From page 8:
“Though you had aspirations of making it big as an officer, you like getting your hands dirty and couldn’t stand to sit behind a desk.”
Character creation is completely random and take less then ten minutes to accomplish. This is a huge departure from RPG’s like Dungeon and Dragons, Call of Cthulhu and Pathfinder that require a large time investment in character creation. This game does not require plowing through dusty tomes of arcane knowledge to squeeze every ounce of splat capability out of the character. In Three Days, everyone gets the same department issued weapon, and all of the quirks, backgrounds, lucky breaks and any PTSD.
Players first choose a name and write down 100 hit points. The character sheet on page 153 can be used, but it’s so simple a blank piece of paper will serve just as well.
Each character has backstory quirks, intuition quirks, career quirks, and any possible forms of PTSD. To determine quirks, a player draws four cards, then three, then two and finally one card, for each of the four quirks respectively. Only face cards count toward getting a particular quirk. If none are drawn then the character has no quirks in that corresponding quirk. If a face card is drawn simply match it to the charts starting on page 12. These quirks give bonuses and disadvantages for doing certain activities.
Lucky Breaks are a little different. These are the abilities that can be activated by spending a luck token. Each player draws five cards and matches each card according to its value and suit to the chart on page 16.
This method of character creation quickly generates an interesting and quirky officer fit for hijinks and sweet sweet street justice. The only issue is if a maximum number of players are participating, it’s very possible to get repeated quirks, but it doesn’t impair play too much. Especially when the group is made up of people who like role playing and having a rip-roaring good time.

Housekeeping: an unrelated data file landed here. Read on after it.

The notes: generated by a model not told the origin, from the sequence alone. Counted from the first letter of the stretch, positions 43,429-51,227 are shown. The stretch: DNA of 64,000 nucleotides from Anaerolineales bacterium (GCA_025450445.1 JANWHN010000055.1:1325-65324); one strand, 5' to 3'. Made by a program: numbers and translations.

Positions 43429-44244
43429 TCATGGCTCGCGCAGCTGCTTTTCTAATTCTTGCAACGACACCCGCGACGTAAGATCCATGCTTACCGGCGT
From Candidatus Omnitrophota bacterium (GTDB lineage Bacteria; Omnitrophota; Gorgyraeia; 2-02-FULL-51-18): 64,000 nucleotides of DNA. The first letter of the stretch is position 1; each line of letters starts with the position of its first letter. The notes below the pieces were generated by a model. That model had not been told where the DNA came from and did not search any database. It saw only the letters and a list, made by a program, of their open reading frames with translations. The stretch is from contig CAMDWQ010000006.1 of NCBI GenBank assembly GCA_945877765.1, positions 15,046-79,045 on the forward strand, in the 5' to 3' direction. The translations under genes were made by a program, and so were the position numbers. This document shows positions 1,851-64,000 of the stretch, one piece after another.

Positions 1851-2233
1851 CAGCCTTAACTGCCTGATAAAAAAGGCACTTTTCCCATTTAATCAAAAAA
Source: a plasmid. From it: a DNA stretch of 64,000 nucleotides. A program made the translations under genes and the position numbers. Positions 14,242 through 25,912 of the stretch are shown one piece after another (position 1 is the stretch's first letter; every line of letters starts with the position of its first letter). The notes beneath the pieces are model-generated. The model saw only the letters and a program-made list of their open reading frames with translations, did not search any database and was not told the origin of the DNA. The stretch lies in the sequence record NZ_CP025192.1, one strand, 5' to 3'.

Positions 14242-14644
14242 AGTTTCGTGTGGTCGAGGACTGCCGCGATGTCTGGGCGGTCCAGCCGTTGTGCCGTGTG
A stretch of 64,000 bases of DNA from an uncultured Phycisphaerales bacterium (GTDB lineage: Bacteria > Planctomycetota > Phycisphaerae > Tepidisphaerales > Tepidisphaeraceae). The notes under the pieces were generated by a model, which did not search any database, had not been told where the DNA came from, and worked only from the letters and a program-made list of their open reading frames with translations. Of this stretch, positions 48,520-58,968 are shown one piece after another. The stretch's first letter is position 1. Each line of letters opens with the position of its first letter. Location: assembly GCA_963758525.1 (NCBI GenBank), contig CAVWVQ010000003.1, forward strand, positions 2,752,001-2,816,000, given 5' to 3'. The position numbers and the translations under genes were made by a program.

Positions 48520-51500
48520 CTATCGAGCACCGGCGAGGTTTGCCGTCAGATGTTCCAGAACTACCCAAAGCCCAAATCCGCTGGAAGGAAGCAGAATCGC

With characters generated, players can dive right into one of the three pre generated mysteries provided or use the handy adventure charts on page 135 to slap a random mystery together.
Everything about the construction of this excellent RPG is to facilitate prompt play with light hearted, face paced stories. A lot of the work of remembering stats and rules is eliminated by the clever use of the card system placing more emphasis on storytelling. Given its fast paced nature, its easy to get through an entire mystery in four to six hours of play. The light hearted tone emphasizes the goal of the game creators – for everyone to have fun, and this RPG provided it in spades.
There were a few issues, the combat mechanic was a little confusing and could be worded a little better. However, a handy quirk reference is provided on page 154 that makes things a little bit easier.
While it is entirely possible to cheat the by system by knowing just a few simple card manipulation tricks, it doesn’t impact play very much. The goal is to have fun pretending to be a rogue police officer in some over the top 80’s buddy cop movie and those guys get away with jumping into dumpsters full of dandelion fluff and passed out bums with smoking guns stuffed in their pockets. Those cops probably were palming cards.
For more details on Dioxin Dump, LLC and their new RPG “Three Days Until Retirement” check them out at their website http://dioxindump.com, and at all of your local game stores.
Codex Rating: 18
Three Days Until Retirement
From: Dioxin Dump, LLC
Type of Game: RPG
Written by: Stuart P. Keating
Game Design by: Stuart P. Keating
Edited by: Rebecca M. Schranz
Cover Art by: Nikki N. Burch
Additional Art by: Nikki N. Burch
Number of Pages: 155
Game Components Included: Game rules book and supplemental rules booklet
Game Components Not Included: Playing cards
Retail Price: $25.00(US)
Retail Price: $28.00 (Can)
Number of Players: 1-4
Player Ages: 12 – 99
Play Time: 6 – 8 hours
Contact: @DioxinDump (Twitter) 405-249-5145 (Phone)
Reviewed by: W. E. Mitchell
About the author
William Mitchell (William)
Aspiring autodidactic raconteur from the wilds of North Carolina in the former Democrat Republic of America. Survivor of mid-Western Winters, South West Summers and the Apocalypse of 2012.